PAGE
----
A national public service academy, on par with the nation's military service academies, can develop a cadre of talented civilian leaders and inject prestige back into public institutions. That is the theory being promoted by two enterprising young government outsiders.
Chris Myers Asch and Shawn Raymond, both in their early 30s, already have built a successful nonprofit to encourage college attendance in the poverty-stricken Mississippi Delta. Now they want Congress to fund free higher education for civil servants. So far, they have garnered interest from about 10 senators, from both sides of the aisle, some of whom are pushing to write legislation for the proposal now instead of waiting until next year as planned.
"Public institutions are to be laughed at or mocked or gutted," Asch said. "We need to change that."
After Hurricane Katrina "showed the consequences of ignoring public institutions," Asch said, he began waking up at dawn at his home in Mississippi to write a proposal for the U.S. Public Service Academy.
Soon, Asch conscripted his wife's uncle, Dennis Ross, former special envoy for Middle East peace, and a professor he studied with at Duke University, Peter Wood, to start a board of advisers. And he brought Raymond, co-founder of Mississippi's Sunflower County Freedom Project, into the fold.
At the core of the proposal are these ideas: The 5,000-person undergraduate academy would be funded mostly by Congress at a cost of $205 million a year. Incoming freshmen would be nominated by members of Congress, in a process much like that at the military academies. A certain number of spots would be allocated to each state.
Students would be required to study abroad and to complete internships with nonprofit and military organizations as well as undergo a summer of emergency response training.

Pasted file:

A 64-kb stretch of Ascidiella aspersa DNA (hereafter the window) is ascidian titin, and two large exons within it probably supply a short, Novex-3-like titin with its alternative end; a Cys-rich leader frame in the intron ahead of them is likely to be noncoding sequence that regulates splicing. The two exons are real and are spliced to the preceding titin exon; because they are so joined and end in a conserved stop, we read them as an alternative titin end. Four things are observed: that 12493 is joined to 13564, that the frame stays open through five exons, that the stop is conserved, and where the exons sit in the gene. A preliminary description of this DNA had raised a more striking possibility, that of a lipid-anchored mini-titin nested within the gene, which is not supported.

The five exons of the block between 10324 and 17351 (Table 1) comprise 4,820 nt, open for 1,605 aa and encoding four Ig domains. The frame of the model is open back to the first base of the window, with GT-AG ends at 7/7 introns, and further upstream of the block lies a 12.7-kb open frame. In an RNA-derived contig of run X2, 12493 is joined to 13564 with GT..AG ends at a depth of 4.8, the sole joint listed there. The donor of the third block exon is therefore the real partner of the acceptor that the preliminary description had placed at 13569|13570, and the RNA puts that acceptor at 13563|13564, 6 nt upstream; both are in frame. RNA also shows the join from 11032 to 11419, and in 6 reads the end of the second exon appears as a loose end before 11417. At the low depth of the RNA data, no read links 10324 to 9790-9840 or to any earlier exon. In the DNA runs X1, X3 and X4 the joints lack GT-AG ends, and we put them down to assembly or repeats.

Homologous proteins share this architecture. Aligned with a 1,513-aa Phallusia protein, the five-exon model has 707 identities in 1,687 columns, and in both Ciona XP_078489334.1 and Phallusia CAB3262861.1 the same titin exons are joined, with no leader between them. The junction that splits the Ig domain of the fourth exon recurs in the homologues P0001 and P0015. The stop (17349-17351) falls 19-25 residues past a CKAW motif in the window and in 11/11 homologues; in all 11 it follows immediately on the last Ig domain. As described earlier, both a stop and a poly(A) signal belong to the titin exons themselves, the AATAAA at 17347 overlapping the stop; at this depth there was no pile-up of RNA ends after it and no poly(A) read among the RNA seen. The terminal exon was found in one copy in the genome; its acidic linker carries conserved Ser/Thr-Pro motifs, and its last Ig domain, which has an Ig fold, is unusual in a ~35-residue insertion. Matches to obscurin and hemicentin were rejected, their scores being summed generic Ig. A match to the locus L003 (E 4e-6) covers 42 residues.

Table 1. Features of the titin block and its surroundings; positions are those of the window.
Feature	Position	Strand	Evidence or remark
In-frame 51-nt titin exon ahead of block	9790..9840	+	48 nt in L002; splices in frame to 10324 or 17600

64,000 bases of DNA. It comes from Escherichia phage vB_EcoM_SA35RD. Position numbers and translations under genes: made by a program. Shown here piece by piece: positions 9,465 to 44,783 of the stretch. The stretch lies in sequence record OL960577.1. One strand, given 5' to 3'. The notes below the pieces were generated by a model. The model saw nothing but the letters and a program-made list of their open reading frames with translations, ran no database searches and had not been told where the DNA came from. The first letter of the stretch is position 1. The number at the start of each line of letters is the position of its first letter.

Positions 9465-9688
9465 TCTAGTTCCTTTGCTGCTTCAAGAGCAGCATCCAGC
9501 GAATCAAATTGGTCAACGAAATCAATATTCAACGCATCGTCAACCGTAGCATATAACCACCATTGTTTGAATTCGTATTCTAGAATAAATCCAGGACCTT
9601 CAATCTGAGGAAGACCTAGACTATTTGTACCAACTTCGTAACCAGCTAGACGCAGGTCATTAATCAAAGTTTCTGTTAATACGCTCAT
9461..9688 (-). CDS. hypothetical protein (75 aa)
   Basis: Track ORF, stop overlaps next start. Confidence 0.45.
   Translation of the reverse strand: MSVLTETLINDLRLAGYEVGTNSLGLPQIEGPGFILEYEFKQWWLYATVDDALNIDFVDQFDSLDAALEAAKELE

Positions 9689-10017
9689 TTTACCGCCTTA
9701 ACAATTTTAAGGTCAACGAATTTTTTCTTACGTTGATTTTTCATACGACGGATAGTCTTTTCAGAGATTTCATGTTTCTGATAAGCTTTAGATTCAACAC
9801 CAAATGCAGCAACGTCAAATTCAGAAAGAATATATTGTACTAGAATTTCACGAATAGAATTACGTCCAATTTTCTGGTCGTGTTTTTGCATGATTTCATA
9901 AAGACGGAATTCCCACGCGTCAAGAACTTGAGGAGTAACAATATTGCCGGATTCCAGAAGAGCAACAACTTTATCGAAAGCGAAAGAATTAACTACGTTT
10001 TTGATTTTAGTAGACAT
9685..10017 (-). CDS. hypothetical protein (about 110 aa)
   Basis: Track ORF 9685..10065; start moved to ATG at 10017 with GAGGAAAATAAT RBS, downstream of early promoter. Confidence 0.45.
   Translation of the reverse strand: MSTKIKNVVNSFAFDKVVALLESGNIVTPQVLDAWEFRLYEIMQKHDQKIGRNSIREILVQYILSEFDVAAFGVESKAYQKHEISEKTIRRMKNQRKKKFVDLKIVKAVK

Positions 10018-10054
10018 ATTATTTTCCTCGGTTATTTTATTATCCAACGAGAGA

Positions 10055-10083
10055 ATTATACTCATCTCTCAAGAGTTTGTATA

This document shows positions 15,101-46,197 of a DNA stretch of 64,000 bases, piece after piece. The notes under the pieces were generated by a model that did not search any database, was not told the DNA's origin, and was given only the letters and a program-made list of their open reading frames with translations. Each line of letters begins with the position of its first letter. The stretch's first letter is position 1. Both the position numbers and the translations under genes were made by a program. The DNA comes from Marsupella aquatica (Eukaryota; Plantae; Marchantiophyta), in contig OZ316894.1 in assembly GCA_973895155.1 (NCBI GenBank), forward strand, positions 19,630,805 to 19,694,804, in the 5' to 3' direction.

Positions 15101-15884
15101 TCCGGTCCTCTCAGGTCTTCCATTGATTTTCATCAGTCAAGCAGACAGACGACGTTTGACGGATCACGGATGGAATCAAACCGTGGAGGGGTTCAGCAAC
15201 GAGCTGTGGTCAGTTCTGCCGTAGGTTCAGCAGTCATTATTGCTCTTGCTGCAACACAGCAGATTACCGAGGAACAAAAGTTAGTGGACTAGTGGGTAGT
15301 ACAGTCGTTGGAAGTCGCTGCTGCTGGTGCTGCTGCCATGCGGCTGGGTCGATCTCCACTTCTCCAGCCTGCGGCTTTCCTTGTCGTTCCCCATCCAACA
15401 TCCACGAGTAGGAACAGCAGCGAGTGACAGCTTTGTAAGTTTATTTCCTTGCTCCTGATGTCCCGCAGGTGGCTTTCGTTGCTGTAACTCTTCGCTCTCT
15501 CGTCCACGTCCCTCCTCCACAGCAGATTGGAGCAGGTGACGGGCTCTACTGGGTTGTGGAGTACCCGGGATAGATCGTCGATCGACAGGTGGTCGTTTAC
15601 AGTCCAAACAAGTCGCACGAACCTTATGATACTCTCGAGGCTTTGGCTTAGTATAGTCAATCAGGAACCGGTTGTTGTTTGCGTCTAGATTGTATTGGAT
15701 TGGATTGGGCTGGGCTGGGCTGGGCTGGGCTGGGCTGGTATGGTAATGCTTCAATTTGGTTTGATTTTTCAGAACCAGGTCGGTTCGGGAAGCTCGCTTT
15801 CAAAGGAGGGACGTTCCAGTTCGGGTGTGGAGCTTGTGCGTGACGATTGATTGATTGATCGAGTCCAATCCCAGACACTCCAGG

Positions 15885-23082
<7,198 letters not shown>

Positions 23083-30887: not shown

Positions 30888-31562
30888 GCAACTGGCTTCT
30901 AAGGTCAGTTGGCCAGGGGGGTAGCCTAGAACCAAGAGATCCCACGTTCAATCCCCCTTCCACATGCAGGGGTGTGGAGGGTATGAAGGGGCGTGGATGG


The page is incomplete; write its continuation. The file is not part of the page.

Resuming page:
After graduation, students would repay the country for their free education by spending five years in public service, which Asch and Raymond define to include everything from teaching to becoming a park ranger, police officer or border agent, for either nonprofits or the government.
"We want to make this a unifying issue, the post-9/11 generation's institutional response," Asch said. "Get young people to commit themselves to the larger struggles of this nation."
The proposal even pitches a specific location -- the Walter Reed Army Medical Center's campus in northwest Washington, D.C., which is to be closed as part of the Base Realignment and Closure Commission recommendations.
The duo and supporters already have met with staff in the offices of Sens. Sam Brownback, R-Kan.; Susan Collins, R-Maine; Olympia Snowe, R-Maine; Arlen Specter, R-Pa.; George Voinovich, R-Ohio; Evan Bayh, D-Ind.; Hillary Clinton, D-N.Y.; John Kerry, D-Mass.; and Patty Murray, D-Wash. Asch said some staffers are beginning work on a formal legislative proposal, but declined to provide details because he does not want it to appear as a one-party issue. He and Raymond are insistent that the academy be a bipartisan undertaking.
But meeting with congressional staffers is a long cry from getting millions of dollars appropriated by Congress in tight budget times.
"It is a huge uphill battle," Asch acknowledged. "But great ideas can win. And yeah, sure, two [men] from rural Mississippi can come up with an idea and it can win."
Now Asch and Raymond are collecting signatures from high school and college students -- one million by December is their goal -- as evidence for skeptical lawmakers of youthful grass-roots support for the academy.